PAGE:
It’s no secret that there is a gender pay gap in the U.S.
Women earned just 84% of what men made in 2020, according to the Pew Research Center. Consequently, it would take female workers an extra 42 days to make the same income men did that year.
Now, research from the Federal Reserve Bank of Philadelphia points to another potential gap between genders with regard to total bank card borrowing limits.
An “unexplained gender difference in bankcard limits” of about $1,323 exists, with male borrowers having higher limits, the research found. That was after controlling for credit score, income and demographic characteristics.
The research, which is based on data spanning 10 years, found the gap between the sexes fluctuated over time.
The difference between genders also varied by the size of consumers’ credit limits. For smaller limits, women tended to have the upper hand with regard to borrowing power. For higher limits, say $30,000 or $40,000, men tended to have access to more credit.
Women were also inclined to own more credit cards, but have lower average balances, the research found.
The research is based on data from sole mortgage applications, which have no co-applicants and therefore could be accurately separated by gender. Consequently, the results may not be indicative of all people with a credit card, said Nathan Blascak, research fellow at the Federal Reserve Bank of Philadelphia’s Consumer Finance Institute.
Blascak co-wrote the research with Anna Tranfaglia, a community development research analyst at the Federal Reserve Bank of Philadelphia.
“We weren’t sure what the size was going to be,” Blascak said of the difference in credit limits between genders. “It ended up being relatively small, especially when you think about what the gender pay gap is.”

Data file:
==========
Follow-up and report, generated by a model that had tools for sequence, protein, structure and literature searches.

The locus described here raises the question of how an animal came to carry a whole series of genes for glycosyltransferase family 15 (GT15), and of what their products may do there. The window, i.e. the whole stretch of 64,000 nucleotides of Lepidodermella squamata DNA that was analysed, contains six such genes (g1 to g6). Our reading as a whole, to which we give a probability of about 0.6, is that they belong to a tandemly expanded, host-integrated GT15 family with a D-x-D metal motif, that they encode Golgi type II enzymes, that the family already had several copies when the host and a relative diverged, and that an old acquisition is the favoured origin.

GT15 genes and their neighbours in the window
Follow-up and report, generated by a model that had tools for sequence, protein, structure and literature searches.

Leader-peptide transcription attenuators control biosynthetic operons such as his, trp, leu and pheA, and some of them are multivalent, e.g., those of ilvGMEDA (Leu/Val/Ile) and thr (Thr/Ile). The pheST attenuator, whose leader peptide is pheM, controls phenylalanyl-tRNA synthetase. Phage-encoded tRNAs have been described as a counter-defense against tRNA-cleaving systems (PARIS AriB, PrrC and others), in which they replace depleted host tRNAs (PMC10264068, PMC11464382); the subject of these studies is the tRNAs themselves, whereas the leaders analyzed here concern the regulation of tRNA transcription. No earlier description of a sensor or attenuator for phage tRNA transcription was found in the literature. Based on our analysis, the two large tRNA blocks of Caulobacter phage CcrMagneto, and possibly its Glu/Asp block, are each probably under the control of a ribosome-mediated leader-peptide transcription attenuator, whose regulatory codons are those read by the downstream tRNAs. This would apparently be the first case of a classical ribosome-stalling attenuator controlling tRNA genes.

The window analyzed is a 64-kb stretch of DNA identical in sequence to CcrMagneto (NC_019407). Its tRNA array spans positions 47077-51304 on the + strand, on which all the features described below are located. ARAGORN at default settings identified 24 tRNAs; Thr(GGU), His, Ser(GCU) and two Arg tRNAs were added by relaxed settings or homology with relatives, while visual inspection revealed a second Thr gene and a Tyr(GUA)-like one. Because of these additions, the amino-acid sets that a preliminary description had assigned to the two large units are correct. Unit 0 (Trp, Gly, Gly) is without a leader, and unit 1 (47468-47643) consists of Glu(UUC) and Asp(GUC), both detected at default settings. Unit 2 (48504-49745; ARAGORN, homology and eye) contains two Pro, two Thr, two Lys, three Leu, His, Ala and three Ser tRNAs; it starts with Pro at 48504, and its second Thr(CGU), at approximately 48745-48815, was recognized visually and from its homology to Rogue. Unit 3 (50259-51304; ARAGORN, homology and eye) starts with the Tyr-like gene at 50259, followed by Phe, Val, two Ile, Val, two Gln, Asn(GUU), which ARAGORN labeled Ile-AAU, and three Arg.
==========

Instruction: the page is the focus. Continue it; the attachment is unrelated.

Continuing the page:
The reason for the difference is likely not based on biases from financial institutions, he added, due to the fact that credit offers are generally automatically generated.
The gender wage gap definitely plays a role in the discrepancies, though to what extent is still unclear, Blascak said.
It is possible that the discrepancy starts when men and women originate their first credit card, which sets initial limits, and then accumulates over time.
The research also found that there tend to be slight differences in the kinds of credit card mail offers that men and women receive. Women tend to receive slightly fewer offers than men, as well as different kinds of solicitations.
While surveys on gender experiences with credit cards and limits exist, this is one of the first research papers to apply large administrative data to try to answer the question of how men’s and women’s experiences differ, Blascak said.
“The hope is that this opens the door for other researchers to step in and start thinking about some of these questions,” he said.